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Byron Shire
June 15, 2024

The Sessions

Latest News

Youth suicide?

ABC News reporting on youth suicide in remote communities at an alarming rate? The Elders are using Aussie Rules...

Other News

New Australian Marbles Champion

After a five-year hiatus the battle for the title of Australian Marbles Champion again took place as part of the Old & Gold Festival held in Brunswick Heads last Saturday.

Ballina Council join study to understand water use

Ballina Council has joined Bathurst, Dubbo and the Murray River Council areas to participate in a cutting-edge artificial intelligence technology that aims to identify how people use water across regional NSW. 

Brad’s Butchery: Byron’s new organic butcher at 130 Jonson St Byron

Brad’s Butchery Byron Bay is a brand-new organic, family-owned-and-operated butcher in Byron with a great range of quality products and a dry-aged beef display room that is equal to the best in the country.

Bringing the ‘Funky Bus’ to town

Louey Howell and the Funkatu Collective are an original psychedelic, bush funk band who combine an eclectic fusion of reggae, soul, ska and hip-hop into a delightfully delicious explosion of funky goodness guaranteed to get your booty shakin’.

AI’s invisible bystanders

In her Echo column last week, Mandy Nolan recommended literature for her daughter, including classics like Catcher in the Rye and To Kill a Mockingbird. 

Editorial – Should Mullum’s water remain locally sourced?

The push by members of Council’s Water and Sewer Advisory Committee (WSAC) to retain Mullum’s local water supply is heating up...

Film review by John Campbell

By chance, I happened to hear Julia Gillard introduce legislation for the new Disability Insurance Scheme into the House of Reps on the morning that I saw this upbeat but touching movie.

As a society, we feel pity when seeing those whose physiology has been attacked by the ‘sharks of fate’, but in general we only take notice of them when they are striving for gold at the Paralympics. It’s a sad reflection of our obsession with air-brushed beauty.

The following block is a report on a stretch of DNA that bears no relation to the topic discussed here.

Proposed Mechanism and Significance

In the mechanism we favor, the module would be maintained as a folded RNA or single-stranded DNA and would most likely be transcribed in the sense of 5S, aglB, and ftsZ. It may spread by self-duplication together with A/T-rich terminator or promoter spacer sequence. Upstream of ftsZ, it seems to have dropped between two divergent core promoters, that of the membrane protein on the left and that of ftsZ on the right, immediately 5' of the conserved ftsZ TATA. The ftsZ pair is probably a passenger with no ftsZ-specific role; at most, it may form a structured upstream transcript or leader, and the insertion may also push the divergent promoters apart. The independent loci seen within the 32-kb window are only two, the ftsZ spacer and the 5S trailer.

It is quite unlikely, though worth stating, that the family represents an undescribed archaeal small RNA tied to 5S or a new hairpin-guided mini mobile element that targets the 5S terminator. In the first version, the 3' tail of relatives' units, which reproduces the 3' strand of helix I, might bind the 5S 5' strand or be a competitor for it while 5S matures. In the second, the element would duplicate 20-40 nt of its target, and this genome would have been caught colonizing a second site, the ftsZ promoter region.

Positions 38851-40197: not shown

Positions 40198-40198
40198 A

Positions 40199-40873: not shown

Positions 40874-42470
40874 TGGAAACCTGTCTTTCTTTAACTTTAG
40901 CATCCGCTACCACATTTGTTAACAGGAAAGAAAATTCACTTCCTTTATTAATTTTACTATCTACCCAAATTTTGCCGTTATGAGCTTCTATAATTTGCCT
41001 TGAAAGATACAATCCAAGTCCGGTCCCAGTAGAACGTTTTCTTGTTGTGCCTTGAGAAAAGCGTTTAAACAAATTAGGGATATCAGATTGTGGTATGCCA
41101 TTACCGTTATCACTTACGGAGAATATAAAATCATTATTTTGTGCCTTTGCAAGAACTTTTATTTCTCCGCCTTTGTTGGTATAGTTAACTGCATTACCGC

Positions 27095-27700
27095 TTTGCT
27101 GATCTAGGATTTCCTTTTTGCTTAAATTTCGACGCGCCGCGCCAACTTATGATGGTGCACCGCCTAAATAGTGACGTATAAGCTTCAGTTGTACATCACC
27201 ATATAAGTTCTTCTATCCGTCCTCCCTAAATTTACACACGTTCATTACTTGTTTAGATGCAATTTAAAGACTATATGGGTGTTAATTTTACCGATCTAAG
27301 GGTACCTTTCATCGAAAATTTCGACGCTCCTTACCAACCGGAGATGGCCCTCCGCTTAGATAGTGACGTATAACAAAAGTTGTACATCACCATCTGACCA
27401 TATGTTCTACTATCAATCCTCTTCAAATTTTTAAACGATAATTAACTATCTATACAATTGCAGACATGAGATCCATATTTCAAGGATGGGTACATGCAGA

Based on the memoir of one such unfortunate, the eponymous sessions refer to the encounters that Mark (John Hawkes), paralysed since childhood by a severe bout of polio, had with sex therapist Cheryl (Helen Hunt). The 38-year-old poet spends most of his time in an iron lung – he can survive for only a few hours outside of it. Mortified by his uncontrollable carnal functions and driven by a primal need for erotic gratification, he decides to undergo the therapy that he has so long spurned. But first he seeks out the blessing of Father Brendan, his local priest (William H Macy).

That Mark so urgently desires what, by vocation, the able-bodied priest is forbidden is a sardonic juxtaposition – when Mark tells him that ‘she took my penis in her hand’, Brendan’s stony non-reaction is ripe with masochistic humour.

Mark is not wracked by self-pity or seething anger; Cheryl, a married mother, is pragmatic and detached. But the heart takes no account of the body in which it is encased, and veteran Australian director Ben Lewin’s softly-softly approach wades imperceptibly into deep emotional waters as the relationship between client and provider moves beyond their business agreement.

Hawkes (he was Teardrop, the hillbilly meth-cooker in Winter’s Bone) displays no overweening actor’s ego in an insightful and multi-faceted portrayal that frequently appears to be channelling Stephen Hawking, while Hunt, coping calmly with a number of nude scenes, is great as a woman who is belatedly made aware of her own vulnerability.

A lovely film – and, for cat people, the last shot speaks volumes.

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